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Ford Goes Crazy With F-150 Engine Options

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On: Thu, Sep 23, 2010 at 3:09PM | By: John Welch


Ford Goes Crazy With F-150 Engine Options

Ford had increased the quality, reliablilty, and safety of its automotive fleet over the past two years, and now it is increasing engine choices. The Ford F-150, long known as the best selling truck in America, is recieving a much-needed dose of "engine-choice" for 2011, and we have the details on all four powerplants. A word of advice to Chevy and Dodge: pushrods might not be the way to go anymore . . .

Along with two V8 options, the new F-150 will also bring back the V6, in a big way! There is the typical base option, Ford's corporate 3.7 liter making 302 bhp and 278 pound feet of torque. Think about the typical six-cylinder option leveled on trucks of yore: heavy, slow, and not much more economical than their octo-cylinder counterparts. No longer the case! Along with the base engine, Ford is also offering the 3.5 liter Eco-Boost six, pumping out 355 horses and a certified 420 pound feet of stump-pulling torque. Combined with a looong torque curve, this engine should prove popular once the added complication of twin-turbos is no longer scaring off customers.

And thus, a good question is raised. Will truck buyers overlook the stereotypes associated with these modern engines? The added cost and complexity? The possiblity that these techno-marvels will require more than a set of wrenchs and a couple of biceps to repair? Will the V8s out sell the sixes solely based on familiarity?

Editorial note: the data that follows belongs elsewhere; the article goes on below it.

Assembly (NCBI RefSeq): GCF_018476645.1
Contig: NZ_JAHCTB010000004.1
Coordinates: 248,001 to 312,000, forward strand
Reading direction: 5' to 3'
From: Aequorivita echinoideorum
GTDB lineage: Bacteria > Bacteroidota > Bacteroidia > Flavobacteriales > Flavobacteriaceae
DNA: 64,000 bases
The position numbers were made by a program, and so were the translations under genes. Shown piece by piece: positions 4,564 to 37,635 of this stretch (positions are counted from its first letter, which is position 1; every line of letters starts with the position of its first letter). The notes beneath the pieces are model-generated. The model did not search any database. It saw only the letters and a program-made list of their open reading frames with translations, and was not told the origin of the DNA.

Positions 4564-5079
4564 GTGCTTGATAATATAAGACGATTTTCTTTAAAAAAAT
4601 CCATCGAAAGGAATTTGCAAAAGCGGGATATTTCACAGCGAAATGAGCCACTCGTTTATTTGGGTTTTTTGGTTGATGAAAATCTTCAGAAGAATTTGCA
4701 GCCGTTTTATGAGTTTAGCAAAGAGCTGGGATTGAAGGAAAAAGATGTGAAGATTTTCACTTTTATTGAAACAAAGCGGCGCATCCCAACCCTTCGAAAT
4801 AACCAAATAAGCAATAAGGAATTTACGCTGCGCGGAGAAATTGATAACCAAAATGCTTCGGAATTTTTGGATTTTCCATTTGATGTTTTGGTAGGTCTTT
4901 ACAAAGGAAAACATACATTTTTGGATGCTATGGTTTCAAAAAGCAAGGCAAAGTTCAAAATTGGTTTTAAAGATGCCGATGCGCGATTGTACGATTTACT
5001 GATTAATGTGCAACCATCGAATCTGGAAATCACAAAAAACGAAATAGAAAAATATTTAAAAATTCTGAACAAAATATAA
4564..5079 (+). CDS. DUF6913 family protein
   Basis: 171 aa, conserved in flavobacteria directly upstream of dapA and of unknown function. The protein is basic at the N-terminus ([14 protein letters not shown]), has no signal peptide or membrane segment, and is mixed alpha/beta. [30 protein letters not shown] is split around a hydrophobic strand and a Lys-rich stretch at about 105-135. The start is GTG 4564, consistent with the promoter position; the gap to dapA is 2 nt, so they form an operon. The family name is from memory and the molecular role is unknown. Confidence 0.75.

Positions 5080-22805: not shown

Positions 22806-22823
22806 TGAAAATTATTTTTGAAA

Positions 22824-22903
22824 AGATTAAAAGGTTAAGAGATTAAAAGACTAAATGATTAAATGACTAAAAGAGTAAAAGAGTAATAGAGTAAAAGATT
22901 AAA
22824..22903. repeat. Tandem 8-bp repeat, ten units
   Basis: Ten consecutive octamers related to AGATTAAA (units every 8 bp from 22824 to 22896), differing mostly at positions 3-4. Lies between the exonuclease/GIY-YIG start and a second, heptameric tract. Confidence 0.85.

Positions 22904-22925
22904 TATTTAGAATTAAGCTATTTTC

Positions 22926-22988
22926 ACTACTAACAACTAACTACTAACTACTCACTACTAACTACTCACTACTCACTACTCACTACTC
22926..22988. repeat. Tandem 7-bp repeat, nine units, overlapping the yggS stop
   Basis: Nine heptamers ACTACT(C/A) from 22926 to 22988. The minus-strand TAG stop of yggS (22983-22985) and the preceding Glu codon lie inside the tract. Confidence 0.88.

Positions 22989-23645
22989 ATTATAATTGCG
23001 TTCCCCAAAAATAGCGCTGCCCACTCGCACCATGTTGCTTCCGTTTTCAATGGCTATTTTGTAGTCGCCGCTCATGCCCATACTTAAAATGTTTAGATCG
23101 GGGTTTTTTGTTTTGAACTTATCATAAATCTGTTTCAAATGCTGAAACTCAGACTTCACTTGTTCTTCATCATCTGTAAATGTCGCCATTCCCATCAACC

Hopefully not, as these six-pot engines drag the full-size truck, kicking and screaming, into the 21st Century. About time. The base V6 F-150 has had no official fuel economy announcment thus far; it is rumored that the 3.7 mill will eclipse 23 miles to the gallon. This number would match the Hybrid models offered by Chevrolet and GMC, albeit at a humongous cost savings! Here are the particulars on the other engine options for the 2011 F150 . . .

• 3.5-liter EcoBoost V-6, with 365 hp at 5,000 rpms, and 420 pounds feet of torque at 2,500 rpms

• 5.0-liter V-8, with overhead camshaft, and 360 hp at 5,500 rpms, with 380 pounds feet of torque at 4,250 rpms

• 6.2-liter V-8, single-overhead camshaft, with 411 hp at 5,500 rpms, and 434 pounds feet of torque at 4,500 rpms

A six-speed automatic is standard with each engine.

This engine revolution could see a huge spike in Ford sales, but it could also turn out to be a flop. If only one engine, or one cylinder count is heavily favored by consumers then this gluttony of choice may be ripped out from underneath us. Ford did not offer a V6 in 2010, none was totally ready for production. Hopefully the order sheets contain a lot of sixes, and the large truck proves itself to be viable beyond the first 20 years of this new century.


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